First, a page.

Among the documents one has to craft for a PhD application, the statement of purpose is one of the trickiest to get right. On the one hand, you need to demonstrate that you have some kind of research agenda already in mind. On the other hand, you aren’t a PhD student yet, so how are you supposed to know what you are going to research? This webinar helps participants understand the expectations of the readers they are writing for and how to strike a good balance between personal narrative and academic certainty.

Monday, Sept 26 @ 1:00 PM; register here.

Returning to Academic Writing

Just starting out in graduate school? Are you feeling a little bit jittery about getting back into academic writing?  Maybe you’ve been away from writing for a while and want some refreshers. Join this webinar to learn about the key elements of academic writing, how to overcome writing fears, and how to develop a productive writing habit.

Monday, Oct 3 @ 1:00 PM; register here.

Goal Setting and Time Management

In this webinar, designed for students in varying stages of the writing process, we will discuss how to schedule time and keep oneself accountable to academic research and writing goals and deadlines. We’ll discuss habitual writing goals and project-based goals. Participants will make a plan for completing their writing goals, breaking down long-term goals into manageable short-term goals. We’ll also go over some web apps that can help with this process.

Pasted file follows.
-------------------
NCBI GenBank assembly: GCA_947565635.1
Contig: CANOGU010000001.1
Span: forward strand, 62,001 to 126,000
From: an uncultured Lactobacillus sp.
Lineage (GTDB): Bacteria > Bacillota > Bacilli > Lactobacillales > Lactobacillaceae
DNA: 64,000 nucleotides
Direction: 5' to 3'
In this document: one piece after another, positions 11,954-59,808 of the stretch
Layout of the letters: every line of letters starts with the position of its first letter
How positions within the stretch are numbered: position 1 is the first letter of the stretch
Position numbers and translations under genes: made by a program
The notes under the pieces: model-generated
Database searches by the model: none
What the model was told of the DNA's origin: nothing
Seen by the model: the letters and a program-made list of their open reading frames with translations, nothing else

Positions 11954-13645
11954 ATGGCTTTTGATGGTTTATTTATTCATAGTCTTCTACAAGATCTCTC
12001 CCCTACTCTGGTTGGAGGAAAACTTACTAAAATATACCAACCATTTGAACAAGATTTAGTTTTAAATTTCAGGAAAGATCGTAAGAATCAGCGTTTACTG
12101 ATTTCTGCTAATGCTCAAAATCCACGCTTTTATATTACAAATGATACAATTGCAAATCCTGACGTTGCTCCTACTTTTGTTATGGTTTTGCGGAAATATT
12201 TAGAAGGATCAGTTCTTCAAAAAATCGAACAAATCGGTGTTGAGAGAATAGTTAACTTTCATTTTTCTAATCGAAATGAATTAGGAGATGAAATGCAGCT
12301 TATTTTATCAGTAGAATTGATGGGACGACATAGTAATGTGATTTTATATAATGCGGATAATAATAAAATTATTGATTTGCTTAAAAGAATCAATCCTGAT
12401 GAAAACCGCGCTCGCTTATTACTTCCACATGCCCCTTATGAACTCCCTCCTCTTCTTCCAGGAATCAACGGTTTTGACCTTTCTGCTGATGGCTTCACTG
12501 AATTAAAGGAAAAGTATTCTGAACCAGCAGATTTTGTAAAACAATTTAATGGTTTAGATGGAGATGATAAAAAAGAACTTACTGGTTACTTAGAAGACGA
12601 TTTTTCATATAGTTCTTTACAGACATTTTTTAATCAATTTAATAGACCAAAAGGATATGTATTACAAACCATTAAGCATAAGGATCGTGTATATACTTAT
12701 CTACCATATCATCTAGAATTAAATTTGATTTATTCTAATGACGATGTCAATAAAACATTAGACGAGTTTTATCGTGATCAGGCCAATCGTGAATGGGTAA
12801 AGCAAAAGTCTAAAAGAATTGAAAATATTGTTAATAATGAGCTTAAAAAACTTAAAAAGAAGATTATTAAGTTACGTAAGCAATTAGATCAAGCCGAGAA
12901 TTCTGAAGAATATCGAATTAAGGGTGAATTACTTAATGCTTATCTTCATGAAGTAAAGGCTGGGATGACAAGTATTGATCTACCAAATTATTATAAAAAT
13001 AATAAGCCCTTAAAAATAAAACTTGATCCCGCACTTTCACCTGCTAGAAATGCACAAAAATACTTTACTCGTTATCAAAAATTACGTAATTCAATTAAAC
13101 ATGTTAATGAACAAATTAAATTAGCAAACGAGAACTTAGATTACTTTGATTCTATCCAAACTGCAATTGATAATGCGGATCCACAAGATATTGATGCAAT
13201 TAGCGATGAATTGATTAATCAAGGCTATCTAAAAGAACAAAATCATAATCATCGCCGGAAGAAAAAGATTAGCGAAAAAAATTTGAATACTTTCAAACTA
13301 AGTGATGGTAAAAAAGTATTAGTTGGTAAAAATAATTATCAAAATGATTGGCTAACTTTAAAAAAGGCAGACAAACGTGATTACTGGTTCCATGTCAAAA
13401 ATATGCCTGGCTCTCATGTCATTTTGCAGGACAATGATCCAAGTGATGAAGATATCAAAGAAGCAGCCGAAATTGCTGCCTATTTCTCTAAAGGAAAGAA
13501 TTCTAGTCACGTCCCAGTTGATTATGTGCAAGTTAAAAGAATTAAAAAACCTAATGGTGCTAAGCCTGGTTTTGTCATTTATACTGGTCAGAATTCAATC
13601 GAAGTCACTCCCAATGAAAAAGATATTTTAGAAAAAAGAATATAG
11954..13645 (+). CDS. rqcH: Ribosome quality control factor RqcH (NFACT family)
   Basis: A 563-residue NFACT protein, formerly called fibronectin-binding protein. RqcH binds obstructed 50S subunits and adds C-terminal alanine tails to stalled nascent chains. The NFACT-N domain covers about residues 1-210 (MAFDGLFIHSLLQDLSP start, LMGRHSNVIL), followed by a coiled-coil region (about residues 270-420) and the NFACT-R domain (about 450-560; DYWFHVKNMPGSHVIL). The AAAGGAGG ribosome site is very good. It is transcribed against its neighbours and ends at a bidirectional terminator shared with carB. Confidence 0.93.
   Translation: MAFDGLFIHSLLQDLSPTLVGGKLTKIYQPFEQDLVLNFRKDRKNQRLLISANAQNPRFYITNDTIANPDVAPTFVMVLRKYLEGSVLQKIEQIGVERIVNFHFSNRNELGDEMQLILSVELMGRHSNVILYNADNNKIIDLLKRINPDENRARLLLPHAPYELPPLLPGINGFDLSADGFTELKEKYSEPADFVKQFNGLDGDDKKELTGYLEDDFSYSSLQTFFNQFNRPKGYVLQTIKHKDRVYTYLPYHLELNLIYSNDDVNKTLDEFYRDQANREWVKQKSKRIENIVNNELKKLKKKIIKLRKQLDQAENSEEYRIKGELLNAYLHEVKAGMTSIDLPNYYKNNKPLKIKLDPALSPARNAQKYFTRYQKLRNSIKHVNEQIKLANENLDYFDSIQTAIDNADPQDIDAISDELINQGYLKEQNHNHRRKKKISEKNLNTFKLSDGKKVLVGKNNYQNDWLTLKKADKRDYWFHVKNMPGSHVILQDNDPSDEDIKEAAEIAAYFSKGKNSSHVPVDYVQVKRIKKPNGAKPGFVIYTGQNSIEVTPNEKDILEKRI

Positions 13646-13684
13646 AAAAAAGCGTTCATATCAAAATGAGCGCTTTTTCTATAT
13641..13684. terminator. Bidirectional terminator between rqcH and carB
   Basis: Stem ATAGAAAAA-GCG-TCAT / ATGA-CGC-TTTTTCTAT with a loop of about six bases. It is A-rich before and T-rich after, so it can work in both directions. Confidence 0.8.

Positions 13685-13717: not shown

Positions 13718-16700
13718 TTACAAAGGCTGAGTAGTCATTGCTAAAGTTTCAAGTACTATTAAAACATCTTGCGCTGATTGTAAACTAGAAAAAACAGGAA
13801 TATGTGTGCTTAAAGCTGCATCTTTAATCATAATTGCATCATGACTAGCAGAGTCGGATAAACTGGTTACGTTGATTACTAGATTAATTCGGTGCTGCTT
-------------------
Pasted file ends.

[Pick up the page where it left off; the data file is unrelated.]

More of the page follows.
Tuesday, Oct 11 @ 1:00 PM; register here.

 Writing a Conference Abstract

Do you see a conference in your future? Here we will review the best practices of responding to a CFP. We’ll look at graduate school conference CFPs, as well as regional and national conference CFPs—each has its own peculiarities. We’ll provide examples of successful critical and pedagogical abstracts. We’ll also take a look at a few abstracts that failed to effectively navigate the sometimes-idiosyncratic language of a CFP and discuss why we think they failed to qualify for their panel.

Monday, Oct 17@ 12:00 PM; register here.

Taking Smarter Notes

When doing research, many people take notes in ways that don’t help them enough. Less organized people jot down their ideas on loose papers that can easily get lost, and more organized people gather their notes into project-based books and folders that may never get consulted again when that particular project is finished. This webinar introduces participants to a particular note-taking system, the Zettelkasten, that can serve as a life-long research and learning companion. It is a way to take and store notes so that the ideas you develop over your entire career are always at hand and never get lost. Whether you are taking courses, reading for orals, or already writing your thesis or dissertation, consider the enormous long-term advantages of taking smarter notes.

Thursday, Nov 10 @ 3:00 PM; register here.

Structuring Argument-Based Writing

Writing a long paper can be challenging, especially when it comes to organizing all the reading and thinking one has done into a coherent progression of paragraphs and sections. This webinar introduces participants to some of the fundamental principles that help guide decisions about structuring a longer academic essay.

Monday, Nov 14 @ 2:00 PM; register here.